He said he no longer works every waking hour, as he did at SpaceX. He takes time to enjoy the outdoors. But his team at K2 Dronotics is intense and smart and the company is growing fast.

"At SpaceX all you do is work. I think you can get a better balance here," Kellie said. "My personal life experience is we're working just as much but we're enjoying it more."

Young people who have worked outside Alaska come back with an advantage. That was Ky Holland's story. Holland returned 20 years ago from working at fast-growing businesses on the West Coast, where he reveled in the taut competition and fiery ambition.

"When I came up to Alaska, it was like everything came to almost a standstill with that desire to grow the business, and reach out, and try to create new competitive offerings," Holland said. He remembers agreeing with the phrase "comfortable mediocrity."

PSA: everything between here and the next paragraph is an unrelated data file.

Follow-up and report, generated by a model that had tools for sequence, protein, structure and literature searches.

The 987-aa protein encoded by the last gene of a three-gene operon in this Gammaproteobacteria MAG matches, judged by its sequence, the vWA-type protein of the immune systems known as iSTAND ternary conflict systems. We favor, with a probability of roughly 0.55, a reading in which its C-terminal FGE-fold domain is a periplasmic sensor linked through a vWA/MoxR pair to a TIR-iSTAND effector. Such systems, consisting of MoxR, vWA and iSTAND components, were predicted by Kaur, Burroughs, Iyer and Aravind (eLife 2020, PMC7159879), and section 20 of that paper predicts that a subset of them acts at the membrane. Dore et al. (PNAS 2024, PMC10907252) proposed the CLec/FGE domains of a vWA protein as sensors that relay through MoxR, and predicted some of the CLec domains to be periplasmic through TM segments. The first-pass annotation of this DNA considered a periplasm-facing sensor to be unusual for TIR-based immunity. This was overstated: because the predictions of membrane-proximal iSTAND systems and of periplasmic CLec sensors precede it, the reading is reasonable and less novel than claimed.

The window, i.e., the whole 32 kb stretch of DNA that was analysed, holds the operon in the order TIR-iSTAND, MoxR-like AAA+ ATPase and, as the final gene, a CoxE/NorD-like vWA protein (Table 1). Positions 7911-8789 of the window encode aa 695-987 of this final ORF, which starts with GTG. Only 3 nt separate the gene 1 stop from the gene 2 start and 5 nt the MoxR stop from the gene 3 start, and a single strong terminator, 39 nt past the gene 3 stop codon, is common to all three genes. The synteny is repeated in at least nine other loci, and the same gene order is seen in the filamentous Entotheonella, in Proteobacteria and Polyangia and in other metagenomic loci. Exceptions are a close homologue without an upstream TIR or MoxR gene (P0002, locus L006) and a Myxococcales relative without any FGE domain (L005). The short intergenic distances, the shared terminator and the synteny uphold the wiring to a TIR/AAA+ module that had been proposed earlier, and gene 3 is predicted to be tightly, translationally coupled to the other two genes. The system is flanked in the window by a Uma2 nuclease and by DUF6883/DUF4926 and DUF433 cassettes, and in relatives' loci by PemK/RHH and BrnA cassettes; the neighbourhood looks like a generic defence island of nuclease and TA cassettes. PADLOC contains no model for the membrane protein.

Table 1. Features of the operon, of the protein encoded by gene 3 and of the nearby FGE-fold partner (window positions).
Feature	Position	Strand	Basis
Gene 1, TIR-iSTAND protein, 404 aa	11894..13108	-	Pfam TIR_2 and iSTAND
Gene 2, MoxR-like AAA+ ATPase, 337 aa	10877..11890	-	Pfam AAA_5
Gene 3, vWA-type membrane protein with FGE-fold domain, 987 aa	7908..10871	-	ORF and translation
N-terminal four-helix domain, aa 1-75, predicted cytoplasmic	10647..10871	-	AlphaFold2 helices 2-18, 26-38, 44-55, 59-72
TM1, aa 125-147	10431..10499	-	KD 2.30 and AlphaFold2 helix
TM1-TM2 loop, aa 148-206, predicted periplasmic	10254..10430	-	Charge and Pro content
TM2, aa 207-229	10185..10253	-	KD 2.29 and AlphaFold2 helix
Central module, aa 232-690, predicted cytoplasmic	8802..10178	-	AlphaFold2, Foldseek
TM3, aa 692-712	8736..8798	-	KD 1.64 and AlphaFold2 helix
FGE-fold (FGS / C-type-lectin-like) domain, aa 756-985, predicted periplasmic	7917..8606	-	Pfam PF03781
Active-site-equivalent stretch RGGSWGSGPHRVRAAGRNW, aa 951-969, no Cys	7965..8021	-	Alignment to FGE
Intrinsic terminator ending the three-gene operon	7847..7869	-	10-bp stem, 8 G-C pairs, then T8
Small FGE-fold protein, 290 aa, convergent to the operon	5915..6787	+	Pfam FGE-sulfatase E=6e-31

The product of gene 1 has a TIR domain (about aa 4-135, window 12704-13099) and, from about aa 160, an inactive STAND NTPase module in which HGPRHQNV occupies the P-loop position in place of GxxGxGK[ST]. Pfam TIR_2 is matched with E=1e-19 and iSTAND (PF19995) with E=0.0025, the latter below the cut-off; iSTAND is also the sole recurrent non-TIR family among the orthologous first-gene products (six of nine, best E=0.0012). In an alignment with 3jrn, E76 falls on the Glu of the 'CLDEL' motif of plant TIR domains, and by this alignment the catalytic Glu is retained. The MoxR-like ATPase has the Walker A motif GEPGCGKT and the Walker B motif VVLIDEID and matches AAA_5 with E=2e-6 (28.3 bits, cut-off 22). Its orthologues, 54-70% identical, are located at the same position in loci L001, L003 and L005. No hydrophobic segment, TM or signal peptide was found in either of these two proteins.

"I've kind of tempered my perspective on that over time," he added.


Holland now works as technology commercialization officer for University of Alaska Fairbanks and mentors local startups. He has come to appreciate the need for Alaska businesses to build on Alaska opportunities within Alaska culture.

Kari Skinner said she and her husband traded an unlimited career ladder for Alaska's qualities, including the connection with community, "really great" public schools, and ways to grow outside of work. She is vice president of marketing and communications director at Northrim Bank.

Skinner said she works as hard now as she did at Overstock.com — and she sees lots of talented people at other businesses — but work isn't everything.